In God We Trust

In a nutshell, the rise and fall of empires and civilizations can be attributed mainly to hubris. It is hubris which is the primary cause of all other sins. If we are to resort to biblical allusions, Satan became Satan solely due to hubris. The opposite of hubris is humility, which in turn is the primary cause of all goodness in human relations. Hubris is thus the characteristic or trait that is most destructive. As stated in Proverbs 16:18-19: “Pride goes before destruction, a haughty spirit before the fall; It is better to be humble in spirit with the lowly, than to divide the spoil with the proud.”

To overcome hubris, one must first overcome mere appearances and illusions in order to attain certainty and truth, which can only be attained through embarking on a path of contemplation, meditation, fasting, and prayer according to a number of faith traditions. Even in Western philosophy, the “Two-World Theory” which originates from the Platonic tradition suggests a dichotomy between true being on one hand and mere appearance on the other hand. As Immanuel Kant wrote: “If we look upon the world as appearance, it demonstrates the existence of something that is not appearance.” Plato also argued that contemplation and meditation are the only conduits available through which one can acquire cosmic knowledge. On one hand, there is cosmic knowledge, and on the other hand there is material knowledge. Cosmic knowledge is rarely acquired through scholastic knowledge.

Heidegger considered certainty and truth to be a disclosure or revelation to the seeker after a certain amount of contemplation and meditation. Heidegger used the term “aletheia” to describe this disclosure or revelation. Meditation and prayer, work, asceticism, and divine friendship make up the four-step process towards achieving what Heidegger called “aletheia.” In the end, attaining divine friendship or trust enables one to performs deeds and to speak words that are impossible for ordinary people. After all, friendship and love are the highest values and virtues for mankind. Since these values and virtues are rarely found between human beings, one must turn inward and connect to a higher source – or a primordial spirit – for the attainment of these values and virtues.

Achieving the two highest values and virtues – namely, friendship and love – translates into sainthood (wilaya’). One sustains sainthood through adhering to a set of basic characteristics or principles. There are essentially three basic characteristics or principles in the way of sustaining sainthood, according to the great Sufi Mystic Ali Hujwiri:

  1. Obeying the basic commandments of meditation, prayer, fasting, and charity
  2. Kindness and justice towards elders, children, youth, and peers
  3. Abstention from devilish acts and sins

Adhering to these three characteristics and principles – in conjunction with service to one’s community and society, along with asceticism – enables one to achieve sainthood. Once sainthood is achieved, service is annulled, although many saints have continued their service to their communities and societies even after achieving sainthood.

            In many cases, saints are not known to one another, and in some cases, saints are not even known to themselves. Saints are largely unknown to the rest of mankind, but in some cases, people can identify them and celebrate them. There are basically three scenarios pertaining to the recognition of saints. In one scenario, Saints are aware of their own sainthood but others are not. In another scenario, others are aware of a person’s sainthood, but the saint is unaware of his or her sainthood. In the final scenario, both the saint and people are aware of one’s sainthood.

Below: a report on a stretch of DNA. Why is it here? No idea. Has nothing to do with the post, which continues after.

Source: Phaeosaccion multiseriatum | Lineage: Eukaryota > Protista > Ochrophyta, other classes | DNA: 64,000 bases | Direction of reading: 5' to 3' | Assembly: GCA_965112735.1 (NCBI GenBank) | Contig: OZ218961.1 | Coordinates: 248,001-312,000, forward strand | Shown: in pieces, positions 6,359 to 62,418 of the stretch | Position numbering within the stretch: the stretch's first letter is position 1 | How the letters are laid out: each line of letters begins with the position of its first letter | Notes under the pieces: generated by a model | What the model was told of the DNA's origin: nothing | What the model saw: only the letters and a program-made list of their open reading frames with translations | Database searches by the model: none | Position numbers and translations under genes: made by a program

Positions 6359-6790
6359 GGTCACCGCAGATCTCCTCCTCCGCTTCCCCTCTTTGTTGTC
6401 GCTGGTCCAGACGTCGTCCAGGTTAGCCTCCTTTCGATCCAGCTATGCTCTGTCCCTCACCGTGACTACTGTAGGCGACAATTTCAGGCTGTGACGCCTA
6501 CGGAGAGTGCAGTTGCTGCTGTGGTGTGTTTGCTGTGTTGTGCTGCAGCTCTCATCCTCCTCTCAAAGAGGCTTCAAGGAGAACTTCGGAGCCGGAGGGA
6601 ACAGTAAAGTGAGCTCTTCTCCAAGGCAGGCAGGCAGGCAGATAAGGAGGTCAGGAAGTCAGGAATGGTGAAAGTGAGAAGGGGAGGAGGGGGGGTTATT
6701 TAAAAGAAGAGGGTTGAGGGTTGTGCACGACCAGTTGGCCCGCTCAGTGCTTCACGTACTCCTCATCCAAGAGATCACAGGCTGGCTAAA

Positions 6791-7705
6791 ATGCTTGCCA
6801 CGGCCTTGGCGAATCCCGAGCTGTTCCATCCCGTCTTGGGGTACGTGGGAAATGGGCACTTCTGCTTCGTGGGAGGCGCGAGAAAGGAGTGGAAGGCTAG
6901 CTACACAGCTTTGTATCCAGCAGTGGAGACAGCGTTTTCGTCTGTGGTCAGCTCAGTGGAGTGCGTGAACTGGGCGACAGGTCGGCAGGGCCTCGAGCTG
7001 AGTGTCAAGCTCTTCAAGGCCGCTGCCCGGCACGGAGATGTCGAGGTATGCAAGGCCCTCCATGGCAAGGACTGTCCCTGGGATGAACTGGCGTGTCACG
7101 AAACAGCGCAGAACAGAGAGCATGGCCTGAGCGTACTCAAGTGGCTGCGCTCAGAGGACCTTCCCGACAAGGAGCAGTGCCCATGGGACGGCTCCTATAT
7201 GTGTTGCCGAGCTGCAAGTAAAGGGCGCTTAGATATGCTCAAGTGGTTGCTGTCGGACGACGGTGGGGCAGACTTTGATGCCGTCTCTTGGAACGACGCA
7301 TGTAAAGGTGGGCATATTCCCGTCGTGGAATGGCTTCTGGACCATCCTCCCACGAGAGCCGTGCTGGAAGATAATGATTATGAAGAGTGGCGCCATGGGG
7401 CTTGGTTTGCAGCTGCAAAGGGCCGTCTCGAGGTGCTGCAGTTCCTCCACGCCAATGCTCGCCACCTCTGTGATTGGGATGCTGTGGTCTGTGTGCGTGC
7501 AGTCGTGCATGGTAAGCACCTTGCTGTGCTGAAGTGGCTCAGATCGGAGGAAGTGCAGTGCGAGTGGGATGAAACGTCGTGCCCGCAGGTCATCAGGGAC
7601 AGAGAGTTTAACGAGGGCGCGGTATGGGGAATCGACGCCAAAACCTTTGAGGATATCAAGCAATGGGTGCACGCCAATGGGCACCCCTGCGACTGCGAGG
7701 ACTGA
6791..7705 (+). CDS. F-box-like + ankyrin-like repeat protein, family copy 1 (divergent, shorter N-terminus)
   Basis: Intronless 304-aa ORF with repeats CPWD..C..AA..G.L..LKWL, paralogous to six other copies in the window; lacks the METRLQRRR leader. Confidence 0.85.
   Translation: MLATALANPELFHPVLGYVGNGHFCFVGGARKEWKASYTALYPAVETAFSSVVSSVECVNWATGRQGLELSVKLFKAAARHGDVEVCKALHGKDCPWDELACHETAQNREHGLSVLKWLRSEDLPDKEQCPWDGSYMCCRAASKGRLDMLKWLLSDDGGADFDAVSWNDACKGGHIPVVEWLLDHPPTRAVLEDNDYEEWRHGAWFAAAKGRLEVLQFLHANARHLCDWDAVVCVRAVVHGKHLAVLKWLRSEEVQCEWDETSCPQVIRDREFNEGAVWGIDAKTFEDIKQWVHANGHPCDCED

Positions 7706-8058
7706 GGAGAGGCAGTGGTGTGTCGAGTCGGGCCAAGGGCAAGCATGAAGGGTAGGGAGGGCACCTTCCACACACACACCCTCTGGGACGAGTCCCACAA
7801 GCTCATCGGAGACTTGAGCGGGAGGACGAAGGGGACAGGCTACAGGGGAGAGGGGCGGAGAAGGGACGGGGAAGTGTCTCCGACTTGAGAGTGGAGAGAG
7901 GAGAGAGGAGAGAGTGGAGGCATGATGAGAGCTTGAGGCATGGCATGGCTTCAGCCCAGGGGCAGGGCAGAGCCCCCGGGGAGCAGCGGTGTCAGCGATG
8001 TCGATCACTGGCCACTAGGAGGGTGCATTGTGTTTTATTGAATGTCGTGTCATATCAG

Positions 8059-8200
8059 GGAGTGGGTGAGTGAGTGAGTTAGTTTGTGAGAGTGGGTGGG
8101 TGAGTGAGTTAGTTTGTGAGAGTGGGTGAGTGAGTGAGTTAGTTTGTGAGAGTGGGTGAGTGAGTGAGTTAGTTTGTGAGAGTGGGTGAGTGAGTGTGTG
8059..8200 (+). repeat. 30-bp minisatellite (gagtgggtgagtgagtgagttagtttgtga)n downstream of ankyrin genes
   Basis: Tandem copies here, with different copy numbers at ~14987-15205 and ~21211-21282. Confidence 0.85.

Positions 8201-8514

Saints are believed by some to be chosen for sainthood, and the prevailing idea within a number of faith traditions is that personal effort and volition alone do not suffice to achieve this state. But in order to attain sainthood, one must not desire to attain anything else. Thus, there is an element of striving in the attainment of sainthood in conjunction with being fit for the job. One must keep their eye on the ball at all times.

            Also, at any period of time, there are approximately four-thousand saints scattered around the world. When one saint passes away, another takes his or her place. Existence is contingent upon the existence of saints. By logic, if there are no saints, then nothing else can exist. Resting above the global population of saints is a hierarchy of about 300 to 400 people who are led by a “Spiritual Pole” (Qutb) who connects the material plane to the cosmic plane. Those within this hierarchy know one another and are aware of the four-thousand or so saints who are scattered around the world, whereas saints neither know one another nor are they aware of their sainthood in many cases.

            But ultimately, what distinguishes the saint from everyone else is a theological outlook. For the saint, existence is a direct manifestation of God. Everything is seen by the saint through a pantheistic prism, whereas the ordinary man either denies God’s proximity to existence or views God as a far-off deity. Thus, the thoughts, words, and actions of the saint are the direct manifestation of God’s will on earth, whereas the ordinary man either denies or fears the divine will. Because the will of God and the will of the saint are one and the same, it follows that: “Whoever is at war with God’s saint is at war with God.” Let us ponder upon this.

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